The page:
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It is perhaps the eighth wonder of our world that despite modern mapping and satellite photography our planet continues to surprise us. Hidden lairs beneath layers of rock, forgotten cities rising out of deserted lands and even mankind's own feats of engineering eccentricity lie in the most unusual of destinations. Travis Elborough goes in search of the obscure and bizarre, the beautiful and estranged. Taking in the defiant relics of ancient cities such as Ani, a once thriving metropolis lost to conquered lands, and the church tower of San Juan Parangaricuto, that miraculously stands as the sole survivor of a town sunk by lava. Through the labyrinths of Berlin and Beijing - underground realms dug for refuge, espionage and even, as Canada's Moose Jaw, used as the playground for gangsters trading liquor and money over cards. Never forgetting the freaks and wonders of nature's own unusual masterpieces: the magical underground river shaped like a dragon's mouth in the Philippines and the floating world of Palmerston. With beautiful maps and stunning photography illustrating each destination, Atlas of Improbable Places is a fascinating voyage to the world's most incredible destinations. As the Island of Dolls and the hauntingly titled Door to Hell - an inextinguishable fire pit - attest, mystery is never far away. The truths and myths behind their creation are as varied as the destinations themselves. Standing as symbols of worship, testaments to kingships or even the strange and wonderful traditions of old and new, these curious places are t just extraordinary sights but reflections on man's own relationship with the world around us.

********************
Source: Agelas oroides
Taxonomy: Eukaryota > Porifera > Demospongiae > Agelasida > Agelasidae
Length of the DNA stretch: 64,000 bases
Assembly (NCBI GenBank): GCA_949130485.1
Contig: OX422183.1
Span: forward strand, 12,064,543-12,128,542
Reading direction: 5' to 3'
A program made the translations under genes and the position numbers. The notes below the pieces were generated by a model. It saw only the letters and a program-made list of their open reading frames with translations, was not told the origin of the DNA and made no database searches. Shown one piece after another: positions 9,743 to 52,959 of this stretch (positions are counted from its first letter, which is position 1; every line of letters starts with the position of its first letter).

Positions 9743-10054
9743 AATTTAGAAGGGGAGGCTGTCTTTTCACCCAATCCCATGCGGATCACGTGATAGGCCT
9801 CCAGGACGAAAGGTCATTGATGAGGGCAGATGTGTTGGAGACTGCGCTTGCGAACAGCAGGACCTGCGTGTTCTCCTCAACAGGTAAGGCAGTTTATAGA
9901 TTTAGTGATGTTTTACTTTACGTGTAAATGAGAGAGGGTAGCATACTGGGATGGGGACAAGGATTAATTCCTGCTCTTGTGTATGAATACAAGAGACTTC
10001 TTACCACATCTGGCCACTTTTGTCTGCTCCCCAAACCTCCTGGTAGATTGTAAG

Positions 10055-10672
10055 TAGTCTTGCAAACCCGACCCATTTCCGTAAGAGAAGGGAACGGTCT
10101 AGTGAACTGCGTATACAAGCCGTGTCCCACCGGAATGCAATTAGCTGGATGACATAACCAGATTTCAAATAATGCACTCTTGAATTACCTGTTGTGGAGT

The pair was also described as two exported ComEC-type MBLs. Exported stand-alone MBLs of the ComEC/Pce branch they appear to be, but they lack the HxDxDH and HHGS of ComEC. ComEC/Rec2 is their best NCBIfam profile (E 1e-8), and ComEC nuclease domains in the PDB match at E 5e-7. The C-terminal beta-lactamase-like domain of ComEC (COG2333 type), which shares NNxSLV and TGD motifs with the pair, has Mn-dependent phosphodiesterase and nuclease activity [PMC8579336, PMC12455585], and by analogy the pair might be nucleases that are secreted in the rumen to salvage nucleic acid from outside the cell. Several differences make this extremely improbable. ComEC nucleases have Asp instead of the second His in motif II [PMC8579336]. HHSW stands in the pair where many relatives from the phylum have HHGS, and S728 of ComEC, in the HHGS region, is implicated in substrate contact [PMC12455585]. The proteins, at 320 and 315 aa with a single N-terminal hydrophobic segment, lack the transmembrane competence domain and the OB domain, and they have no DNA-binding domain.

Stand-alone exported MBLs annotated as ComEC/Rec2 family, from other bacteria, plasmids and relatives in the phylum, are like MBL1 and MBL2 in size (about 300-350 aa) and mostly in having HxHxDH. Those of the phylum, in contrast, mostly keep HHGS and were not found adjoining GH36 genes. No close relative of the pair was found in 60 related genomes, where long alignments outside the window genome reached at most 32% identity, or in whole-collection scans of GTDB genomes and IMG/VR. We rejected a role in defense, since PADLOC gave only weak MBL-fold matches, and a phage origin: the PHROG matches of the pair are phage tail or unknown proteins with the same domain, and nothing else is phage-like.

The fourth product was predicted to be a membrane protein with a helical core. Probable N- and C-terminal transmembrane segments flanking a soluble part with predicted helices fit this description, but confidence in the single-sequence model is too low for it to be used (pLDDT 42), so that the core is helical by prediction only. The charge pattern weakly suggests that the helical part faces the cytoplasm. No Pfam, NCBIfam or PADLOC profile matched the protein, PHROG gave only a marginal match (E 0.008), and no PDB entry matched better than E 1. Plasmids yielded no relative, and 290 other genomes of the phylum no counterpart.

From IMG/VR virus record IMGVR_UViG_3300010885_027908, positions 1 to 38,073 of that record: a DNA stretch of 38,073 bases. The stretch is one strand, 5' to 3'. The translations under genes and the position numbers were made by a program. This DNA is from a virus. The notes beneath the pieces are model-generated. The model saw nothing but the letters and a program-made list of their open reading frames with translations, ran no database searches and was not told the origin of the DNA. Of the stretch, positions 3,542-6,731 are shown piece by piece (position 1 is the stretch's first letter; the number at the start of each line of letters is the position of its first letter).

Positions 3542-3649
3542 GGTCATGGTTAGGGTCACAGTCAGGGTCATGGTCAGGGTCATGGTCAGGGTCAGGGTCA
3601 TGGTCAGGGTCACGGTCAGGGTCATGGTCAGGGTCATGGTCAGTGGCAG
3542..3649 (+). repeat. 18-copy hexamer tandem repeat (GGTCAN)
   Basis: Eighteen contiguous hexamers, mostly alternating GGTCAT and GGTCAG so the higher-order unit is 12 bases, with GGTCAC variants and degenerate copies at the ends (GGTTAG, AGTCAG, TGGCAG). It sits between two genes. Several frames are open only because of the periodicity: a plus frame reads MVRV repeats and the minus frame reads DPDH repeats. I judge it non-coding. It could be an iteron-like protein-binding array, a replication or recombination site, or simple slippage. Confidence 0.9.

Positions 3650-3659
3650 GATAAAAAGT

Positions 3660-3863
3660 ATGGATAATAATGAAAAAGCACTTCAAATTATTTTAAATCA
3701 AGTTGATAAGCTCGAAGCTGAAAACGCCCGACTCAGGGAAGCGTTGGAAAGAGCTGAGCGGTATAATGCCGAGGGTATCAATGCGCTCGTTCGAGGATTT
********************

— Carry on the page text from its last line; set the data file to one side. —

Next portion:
Alan Horsfield has over thirty years' experience as a cartographer. Having started his career at the Ordnance Survey of Great Britain, he has created artwork for many publications, most recently as chief cartographer for Reader's Digest World Atlas. Alan lives in Hampshire with his wife and three children. TRAVIS ELBOROUGH has been a freelance writer, author, and cultural commentator for more than a decade. His books include The Bus We Loved: London's Affair with the Routemaster, Wish You Were Here: England on Sea and London Bridge in America. With Bob Stanley from the band Saint Etienne, he co-wrote the script for How We Used to Live, a BFI London archive film directed by Paul Kelly, that premiered at the 2013 London Film Festival. He is currently the Chisenhale Gallery's 2014/5 Offsite Artist in Residence in Victoria Park, East London.